"'Guys, you got caught. That's a problem.'"
If spy literature has taught us anything, it's that covert operators sure do love their toys. They also, apparently, really don't like when you threaten to take their toys away.
Case in point: per The Washington Post, the Pentagon is to conduct a "sweeping audit" of the US military's social media-driven psychological operations (PSYOP) practices, following efforts by Facebook and Twitter to remove fake, propaganda-laden bot accounts connected to the US military. Unsurprisingly, a lot of folks at the Department of Defense (DoD) are none too pleased.
"Combatant commanders got really excited," an unnamed defense official told WaPo. "They were very eager to utilize these new authorities. The defense contractors were equally eager to land lucrative classified contracts to enable clandestine influence operations."
While the details about the specific content that Facebook and Twitter chose to remove from their platforms are relatively scarce, officials confirmed to WaPo that most of the take-downs occurred within the last two to three years. One particularly egregious case of disinformation was a fake story involving organ theft, apparently designed to encourage a rift between Afghans and Iranians.
Importantly, sourced alleged to WaPo that the social platforms in question weren't taking US military content down for the sake of, you know, truth. Rather, execs like David Agranovich, Facebook's director for global threat disruption, were flagging the issue as a military failure, essentially warning the DoD that if they can snuff out the fake accounts, so can international rivals.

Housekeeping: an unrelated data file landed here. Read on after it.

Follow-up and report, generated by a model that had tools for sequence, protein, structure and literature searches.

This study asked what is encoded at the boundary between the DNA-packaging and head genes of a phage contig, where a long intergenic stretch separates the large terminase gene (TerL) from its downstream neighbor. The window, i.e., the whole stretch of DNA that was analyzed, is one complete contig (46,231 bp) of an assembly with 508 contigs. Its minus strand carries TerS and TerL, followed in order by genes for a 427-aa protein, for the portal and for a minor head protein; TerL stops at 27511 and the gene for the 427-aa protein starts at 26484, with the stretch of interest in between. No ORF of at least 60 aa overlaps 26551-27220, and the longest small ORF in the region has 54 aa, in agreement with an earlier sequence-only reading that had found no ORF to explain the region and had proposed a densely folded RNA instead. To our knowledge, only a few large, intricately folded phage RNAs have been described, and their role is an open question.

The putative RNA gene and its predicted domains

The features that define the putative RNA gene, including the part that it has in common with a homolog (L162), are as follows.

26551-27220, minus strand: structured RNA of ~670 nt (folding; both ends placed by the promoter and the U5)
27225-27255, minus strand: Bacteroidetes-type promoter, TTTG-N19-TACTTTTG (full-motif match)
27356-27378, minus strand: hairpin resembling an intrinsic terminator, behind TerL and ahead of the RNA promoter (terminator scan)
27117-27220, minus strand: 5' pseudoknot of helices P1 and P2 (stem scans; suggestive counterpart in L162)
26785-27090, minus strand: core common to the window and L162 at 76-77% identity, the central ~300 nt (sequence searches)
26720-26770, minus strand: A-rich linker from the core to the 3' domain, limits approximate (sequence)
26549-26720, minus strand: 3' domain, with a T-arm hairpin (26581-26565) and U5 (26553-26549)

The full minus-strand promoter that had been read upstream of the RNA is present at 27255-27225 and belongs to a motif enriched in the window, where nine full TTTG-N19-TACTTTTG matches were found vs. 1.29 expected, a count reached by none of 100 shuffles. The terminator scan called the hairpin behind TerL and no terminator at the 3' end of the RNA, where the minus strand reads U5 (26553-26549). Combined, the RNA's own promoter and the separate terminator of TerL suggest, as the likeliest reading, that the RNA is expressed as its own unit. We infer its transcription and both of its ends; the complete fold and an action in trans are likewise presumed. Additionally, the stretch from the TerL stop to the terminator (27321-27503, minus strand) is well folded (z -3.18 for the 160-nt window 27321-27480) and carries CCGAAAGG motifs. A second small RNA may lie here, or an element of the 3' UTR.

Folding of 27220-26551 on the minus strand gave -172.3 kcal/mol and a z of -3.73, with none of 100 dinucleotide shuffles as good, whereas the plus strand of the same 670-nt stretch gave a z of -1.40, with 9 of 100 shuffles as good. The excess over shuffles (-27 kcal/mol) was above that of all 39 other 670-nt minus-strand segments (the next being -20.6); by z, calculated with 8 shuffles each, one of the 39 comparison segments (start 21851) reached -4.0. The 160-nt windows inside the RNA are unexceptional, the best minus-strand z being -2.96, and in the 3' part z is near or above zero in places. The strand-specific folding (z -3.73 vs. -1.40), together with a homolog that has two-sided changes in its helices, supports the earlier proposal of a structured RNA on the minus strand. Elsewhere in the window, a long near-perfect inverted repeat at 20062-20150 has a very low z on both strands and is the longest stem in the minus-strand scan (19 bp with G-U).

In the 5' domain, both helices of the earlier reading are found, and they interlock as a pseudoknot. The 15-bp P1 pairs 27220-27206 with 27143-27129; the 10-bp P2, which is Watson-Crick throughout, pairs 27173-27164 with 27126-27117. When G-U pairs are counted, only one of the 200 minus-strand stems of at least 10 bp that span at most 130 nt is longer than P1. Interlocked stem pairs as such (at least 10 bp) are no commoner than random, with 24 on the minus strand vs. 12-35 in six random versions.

"[Agranovich's] point‚" one person involved told the paper, "was 'Guys, you got caught. That's a problem.'"
DoD officials have defended their digital PSYOP efforts, their basic argument being whataboutism — if other nations do it, why shouldn't we?
"Our adversaries are absolutely operating in the information domain," an unnamed senior defense official told WaPo. "There are some who think we shouldn’t do anything clandestine in that space. Ceding an entire domain to an adversary would be unwise. But we need stronger policy guardrails."
Gotta be real: that sounds flimsy, not to mention dangerous. And at the end of the day, these might be the Pentagon's toys, but it isn't their playground. Facebook and Twitter rule their separate sandboxes, and it's well within their rights to remove any content they deem unfit. After all, isn't that what we've been asking them to do?
READ MORE: Pentagon opens sweeping review of clandestine psychological operations [The Washington Post]
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